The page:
Anna Zhovtenko,  UNDP, discussed advancements in energy efficiency for public buildings in Ukraine through ESCO (Energy Service Company) models. She highlights legislative changes, successful project implementations, and the benefits of energy-saving contracts, saying: “We have over 23 urban partners piloting solar powered plants to hospitals, schools and water facilities. We are also working with UNDP, working on energy audits, and installing energy saving LED lights.”

Ihor O, Mayor of Vinnytsia, shared fantastic stories of how his city has quickly been creating clean energy solutions. “We have installed multiple successful solar projects, initiated by our City. Health care and public facilities were prioritized, and cooperation with much over 50 businesses contributed to this great clean energy transition effort.”

Tobias Muenchmeyer, Greenpeace said “Our first fast solar energy hospital repair project cost very little money, and we were able to quickly provide vital energy to rapidly put a vital hospital back in service. The basics of life must be immediately repaired, and this is the time for clean energies like solar which represent resilience. One can’t destroy the sun.”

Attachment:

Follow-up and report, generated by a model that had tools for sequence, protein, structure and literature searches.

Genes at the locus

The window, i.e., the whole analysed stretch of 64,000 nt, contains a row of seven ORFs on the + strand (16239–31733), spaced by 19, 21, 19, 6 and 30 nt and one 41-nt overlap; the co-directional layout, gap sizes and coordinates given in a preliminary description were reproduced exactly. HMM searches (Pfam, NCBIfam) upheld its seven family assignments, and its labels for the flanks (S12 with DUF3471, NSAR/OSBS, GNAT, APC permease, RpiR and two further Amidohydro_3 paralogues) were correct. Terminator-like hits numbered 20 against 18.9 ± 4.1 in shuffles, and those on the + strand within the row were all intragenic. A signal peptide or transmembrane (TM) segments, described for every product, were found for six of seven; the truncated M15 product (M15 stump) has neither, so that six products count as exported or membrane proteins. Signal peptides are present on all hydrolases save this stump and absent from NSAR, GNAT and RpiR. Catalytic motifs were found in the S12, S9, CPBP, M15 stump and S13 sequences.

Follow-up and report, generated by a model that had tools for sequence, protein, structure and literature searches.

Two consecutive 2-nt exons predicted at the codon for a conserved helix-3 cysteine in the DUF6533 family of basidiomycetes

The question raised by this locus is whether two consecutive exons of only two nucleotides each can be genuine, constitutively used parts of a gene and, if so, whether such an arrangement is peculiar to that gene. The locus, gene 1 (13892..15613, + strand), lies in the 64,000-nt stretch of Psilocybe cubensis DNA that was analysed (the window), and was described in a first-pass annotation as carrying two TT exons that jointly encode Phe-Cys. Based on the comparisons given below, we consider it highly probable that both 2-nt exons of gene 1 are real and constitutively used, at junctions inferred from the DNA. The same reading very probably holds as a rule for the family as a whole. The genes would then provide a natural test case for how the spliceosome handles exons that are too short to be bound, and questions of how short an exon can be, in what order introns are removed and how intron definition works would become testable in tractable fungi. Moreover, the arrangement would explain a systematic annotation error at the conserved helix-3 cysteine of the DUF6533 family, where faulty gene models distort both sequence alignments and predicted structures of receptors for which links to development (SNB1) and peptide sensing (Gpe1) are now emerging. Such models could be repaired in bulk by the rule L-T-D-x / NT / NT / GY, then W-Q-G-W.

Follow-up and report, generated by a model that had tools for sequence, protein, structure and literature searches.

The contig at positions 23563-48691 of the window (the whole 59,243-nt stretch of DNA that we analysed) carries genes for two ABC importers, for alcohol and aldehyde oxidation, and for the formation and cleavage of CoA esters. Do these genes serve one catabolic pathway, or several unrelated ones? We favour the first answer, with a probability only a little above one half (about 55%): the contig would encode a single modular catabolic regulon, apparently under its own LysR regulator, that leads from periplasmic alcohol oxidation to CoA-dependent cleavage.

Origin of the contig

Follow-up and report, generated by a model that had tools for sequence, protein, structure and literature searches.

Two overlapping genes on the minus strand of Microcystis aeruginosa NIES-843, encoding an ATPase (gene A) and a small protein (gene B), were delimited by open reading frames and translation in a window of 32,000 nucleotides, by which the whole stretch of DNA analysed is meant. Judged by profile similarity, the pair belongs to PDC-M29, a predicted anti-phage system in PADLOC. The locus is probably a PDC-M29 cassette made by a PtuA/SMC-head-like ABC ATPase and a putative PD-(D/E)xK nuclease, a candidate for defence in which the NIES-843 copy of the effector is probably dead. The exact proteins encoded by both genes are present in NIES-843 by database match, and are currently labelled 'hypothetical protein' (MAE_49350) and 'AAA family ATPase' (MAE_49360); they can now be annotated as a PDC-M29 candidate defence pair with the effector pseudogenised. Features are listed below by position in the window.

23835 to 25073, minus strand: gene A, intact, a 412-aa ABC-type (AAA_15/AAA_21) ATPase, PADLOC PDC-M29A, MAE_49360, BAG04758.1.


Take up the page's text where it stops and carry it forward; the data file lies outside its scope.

Anastasiia Vereshchynska, Director at European-Ukrainian Energy Agency, emphasised: “We are working to build back better with clean energy, and officials have stated that they hope clean energy can be used to replace much of the current losses. Coming European funding will be very helpful for the transition to clean energy.”

Svitlana Romanko, Founder and Director of Razom We Stand, concluded  the workshop by saying: “We know that the clean energy transition can save $7-8 trillion a year, and we in Ukraine want to lead in this transition, which together we will create. This event has provided concrete solutions and hope, thanks to everyone who attended.”

The EU-Ukraine Energy Workshop highlighted not only the dire challenges Ukraine faces but also the immense potential for a green and resilient recovery. The collaborative efforts discussed at the conference provide a blueprint for Ukraine’s energy sector transformation, setting a precedent for future international cooperation in energy resilience and sustainability.